IRS Special Agent vs Revenue Officer: What Is the Difference?

This tax season, you may find yourself facing the unpleasant surprise of a visit from a representative of the Internal Revenue Service. The IRS sometimes sends certain employees out to your home or business in an effort to collect unpaid taxes or investigate tax offenses. While no visit from the IRS is particularly welcome, it is important to understand what type of agent you are dealing with in order to gain a better understanding of what they may be after and what repercussions you may be facing. Your unexpected visit from the IRS will typically come from either an IRS Special Agent or an IRS Revenue Agent or Officer.

IRS Special Agents and Revenue Officers

What is the difference between a visit from an IRS Special Agent and a visit from an IRS Revenue Agent or Officer? The following is an overview:

  • IRS Special Agents
    • IRS Special Agents typically investigate tax offenses and crimes. They often carry badges as well as guns. These agents often travel in pairs. If you are approached by an IRS Special Agent, it is important to seek immediate representation from an experienced attorney.
  • IRS Revenue Agents or Officers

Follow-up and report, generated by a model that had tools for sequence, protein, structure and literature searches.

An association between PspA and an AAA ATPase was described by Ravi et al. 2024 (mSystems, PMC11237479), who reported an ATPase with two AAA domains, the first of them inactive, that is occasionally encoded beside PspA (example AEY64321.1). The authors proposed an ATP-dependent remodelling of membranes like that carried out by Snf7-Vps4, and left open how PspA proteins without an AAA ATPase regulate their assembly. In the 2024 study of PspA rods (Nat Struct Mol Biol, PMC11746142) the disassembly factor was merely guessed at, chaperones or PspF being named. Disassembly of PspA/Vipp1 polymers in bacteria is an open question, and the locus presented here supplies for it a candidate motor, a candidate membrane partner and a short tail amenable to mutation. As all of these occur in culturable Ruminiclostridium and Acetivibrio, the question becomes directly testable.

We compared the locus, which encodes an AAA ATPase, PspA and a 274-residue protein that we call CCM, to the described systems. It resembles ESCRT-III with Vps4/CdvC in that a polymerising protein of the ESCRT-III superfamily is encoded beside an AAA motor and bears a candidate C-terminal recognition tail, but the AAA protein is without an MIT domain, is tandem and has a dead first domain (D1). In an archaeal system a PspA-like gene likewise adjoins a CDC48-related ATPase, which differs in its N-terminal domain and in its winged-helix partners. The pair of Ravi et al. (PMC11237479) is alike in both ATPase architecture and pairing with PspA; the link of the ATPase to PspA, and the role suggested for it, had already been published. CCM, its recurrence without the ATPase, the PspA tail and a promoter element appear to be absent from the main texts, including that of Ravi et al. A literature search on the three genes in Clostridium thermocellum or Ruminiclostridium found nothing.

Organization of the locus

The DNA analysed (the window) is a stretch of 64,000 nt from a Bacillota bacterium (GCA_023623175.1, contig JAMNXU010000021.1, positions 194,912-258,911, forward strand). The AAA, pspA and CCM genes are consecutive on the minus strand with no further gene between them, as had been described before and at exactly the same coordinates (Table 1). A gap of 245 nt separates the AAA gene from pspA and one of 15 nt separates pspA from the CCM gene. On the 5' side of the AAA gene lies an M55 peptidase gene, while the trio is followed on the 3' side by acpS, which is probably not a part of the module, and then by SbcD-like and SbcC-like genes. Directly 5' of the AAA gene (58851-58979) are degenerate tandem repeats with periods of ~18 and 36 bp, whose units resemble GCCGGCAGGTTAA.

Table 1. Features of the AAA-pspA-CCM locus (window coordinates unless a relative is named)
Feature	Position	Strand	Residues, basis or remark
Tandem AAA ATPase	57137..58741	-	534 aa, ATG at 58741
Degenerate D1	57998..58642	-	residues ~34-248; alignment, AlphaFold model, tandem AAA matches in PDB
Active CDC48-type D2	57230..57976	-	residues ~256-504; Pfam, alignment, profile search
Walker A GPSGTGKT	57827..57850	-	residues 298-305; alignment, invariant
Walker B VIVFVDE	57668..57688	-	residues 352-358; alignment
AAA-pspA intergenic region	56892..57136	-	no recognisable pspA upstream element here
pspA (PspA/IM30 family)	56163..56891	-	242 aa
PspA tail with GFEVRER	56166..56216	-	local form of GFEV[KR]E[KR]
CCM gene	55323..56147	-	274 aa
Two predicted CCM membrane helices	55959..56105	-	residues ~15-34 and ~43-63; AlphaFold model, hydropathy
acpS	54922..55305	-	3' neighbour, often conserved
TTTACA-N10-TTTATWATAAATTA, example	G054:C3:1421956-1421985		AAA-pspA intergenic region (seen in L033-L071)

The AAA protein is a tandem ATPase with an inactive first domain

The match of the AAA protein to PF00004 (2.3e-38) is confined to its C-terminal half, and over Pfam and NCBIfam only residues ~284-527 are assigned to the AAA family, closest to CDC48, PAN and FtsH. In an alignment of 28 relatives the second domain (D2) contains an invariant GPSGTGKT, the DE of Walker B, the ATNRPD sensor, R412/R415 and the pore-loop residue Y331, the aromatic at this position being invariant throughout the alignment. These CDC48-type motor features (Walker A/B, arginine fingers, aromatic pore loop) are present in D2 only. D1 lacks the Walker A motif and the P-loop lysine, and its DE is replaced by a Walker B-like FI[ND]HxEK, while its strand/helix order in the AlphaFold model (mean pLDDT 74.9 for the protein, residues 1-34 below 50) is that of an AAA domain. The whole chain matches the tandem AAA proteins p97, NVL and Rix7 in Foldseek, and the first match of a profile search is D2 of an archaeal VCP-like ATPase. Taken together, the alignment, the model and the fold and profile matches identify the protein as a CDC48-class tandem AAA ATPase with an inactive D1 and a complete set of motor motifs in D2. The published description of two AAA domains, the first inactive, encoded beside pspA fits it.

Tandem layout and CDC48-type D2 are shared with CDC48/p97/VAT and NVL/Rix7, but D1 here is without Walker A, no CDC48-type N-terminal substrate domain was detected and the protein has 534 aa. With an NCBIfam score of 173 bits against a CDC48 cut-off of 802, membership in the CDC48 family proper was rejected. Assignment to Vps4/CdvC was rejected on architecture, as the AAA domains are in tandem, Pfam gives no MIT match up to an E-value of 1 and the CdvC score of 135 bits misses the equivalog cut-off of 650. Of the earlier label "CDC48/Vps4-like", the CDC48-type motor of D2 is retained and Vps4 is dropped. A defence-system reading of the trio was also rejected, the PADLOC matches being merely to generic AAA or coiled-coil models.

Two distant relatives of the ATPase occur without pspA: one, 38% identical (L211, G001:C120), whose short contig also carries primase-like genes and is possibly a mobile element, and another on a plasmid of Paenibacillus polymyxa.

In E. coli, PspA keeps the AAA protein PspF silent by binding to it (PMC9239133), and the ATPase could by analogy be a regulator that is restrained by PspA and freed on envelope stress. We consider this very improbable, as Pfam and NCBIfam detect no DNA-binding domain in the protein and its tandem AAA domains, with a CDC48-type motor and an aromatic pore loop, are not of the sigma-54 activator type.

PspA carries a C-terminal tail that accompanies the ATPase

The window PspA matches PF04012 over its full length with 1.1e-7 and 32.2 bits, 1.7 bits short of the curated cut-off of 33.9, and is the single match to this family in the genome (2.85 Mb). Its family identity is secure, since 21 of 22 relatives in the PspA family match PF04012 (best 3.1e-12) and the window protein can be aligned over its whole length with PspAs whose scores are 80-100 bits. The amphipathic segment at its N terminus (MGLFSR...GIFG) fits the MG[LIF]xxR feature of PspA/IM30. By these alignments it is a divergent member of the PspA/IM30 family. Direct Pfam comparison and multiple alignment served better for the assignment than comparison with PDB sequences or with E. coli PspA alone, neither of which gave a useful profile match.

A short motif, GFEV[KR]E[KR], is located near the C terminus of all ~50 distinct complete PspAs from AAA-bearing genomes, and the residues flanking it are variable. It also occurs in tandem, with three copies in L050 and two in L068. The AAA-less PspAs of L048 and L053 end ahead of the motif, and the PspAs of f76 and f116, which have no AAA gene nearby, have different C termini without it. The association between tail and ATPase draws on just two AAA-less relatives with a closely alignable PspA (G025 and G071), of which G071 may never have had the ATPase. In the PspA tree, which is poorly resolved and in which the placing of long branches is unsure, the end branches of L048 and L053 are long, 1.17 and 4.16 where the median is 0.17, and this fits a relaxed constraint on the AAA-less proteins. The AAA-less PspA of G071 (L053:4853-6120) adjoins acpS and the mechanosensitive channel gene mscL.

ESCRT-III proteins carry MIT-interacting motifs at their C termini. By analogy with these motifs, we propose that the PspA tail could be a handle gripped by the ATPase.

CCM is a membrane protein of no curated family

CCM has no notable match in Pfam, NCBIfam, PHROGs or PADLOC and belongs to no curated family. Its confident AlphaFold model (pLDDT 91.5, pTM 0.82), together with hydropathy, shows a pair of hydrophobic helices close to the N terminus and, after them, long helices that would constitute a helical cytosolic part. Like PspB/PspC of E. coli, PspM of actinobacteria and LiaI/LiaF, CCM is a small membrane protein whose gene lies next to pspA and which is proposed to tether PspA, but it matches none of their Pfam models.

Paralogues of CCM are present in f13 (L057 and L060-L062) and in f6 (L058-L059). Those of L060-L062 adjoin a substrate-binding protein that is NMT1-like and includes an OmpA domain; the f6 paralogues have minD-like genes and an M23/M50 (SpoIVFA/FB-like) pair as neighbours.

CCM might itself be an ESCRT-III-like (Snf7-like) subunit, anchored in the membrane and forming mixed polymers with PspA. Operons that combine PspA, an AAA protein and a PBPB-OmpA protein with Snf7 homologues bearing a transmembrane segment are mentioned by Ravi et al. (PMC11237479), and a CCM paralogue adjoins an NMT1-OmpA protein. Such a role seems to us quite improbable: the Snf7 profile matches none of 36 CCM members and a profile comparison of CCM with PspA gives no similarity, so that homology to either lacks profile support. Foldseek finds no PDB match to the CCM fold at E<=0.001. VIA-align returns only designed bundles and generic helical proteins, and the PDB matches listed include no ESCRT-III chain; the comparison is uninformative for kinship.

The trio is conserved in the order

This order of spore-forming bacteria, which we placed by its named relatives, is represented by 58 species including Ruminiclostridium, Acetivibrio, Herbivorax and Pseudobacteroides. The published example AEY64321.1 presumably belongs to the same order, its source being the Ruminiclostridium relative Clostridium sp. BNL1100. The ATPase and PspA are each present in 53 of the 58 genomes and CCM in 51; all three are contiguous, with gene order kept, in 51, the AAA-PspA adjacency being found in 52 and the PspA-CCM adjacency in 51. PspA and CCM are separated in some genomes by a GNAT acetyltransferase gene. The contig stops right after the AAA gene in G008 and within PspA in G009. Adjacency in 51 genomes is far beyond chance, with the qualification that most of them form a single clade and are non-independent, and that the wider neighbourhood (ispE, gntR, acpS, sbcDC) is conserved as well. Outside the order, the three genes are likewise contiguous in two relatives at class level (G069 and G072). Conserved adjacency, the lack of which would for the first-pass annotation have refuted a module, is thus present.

• IRS Revenue Agents or Officers, on the other hand, have more limited powers and are not law enforcement officers. These agents carry IRS identification cards. Their job is to collect past due taxes owed by taxpayers, including income and payroll taxes. When they visit your home or business, they are there to collect information on where you live, the value of your assets, and your spending habits. Typically, these agents will be rather aggressive in trying to get you to answer questions on the spot. They often want to enter your home, though it is important to note that you do not have to allow them inside.

Regardless of the type of visit you receive from the IRS, we are here to help. Arming yourself with a solid legal team and important knowledge about the process of dealing with a tax problem will help you find a solution you can live with. We encourage you to get started by reviewing our free guide, The Ultimate Survival Guide for IRS Problems.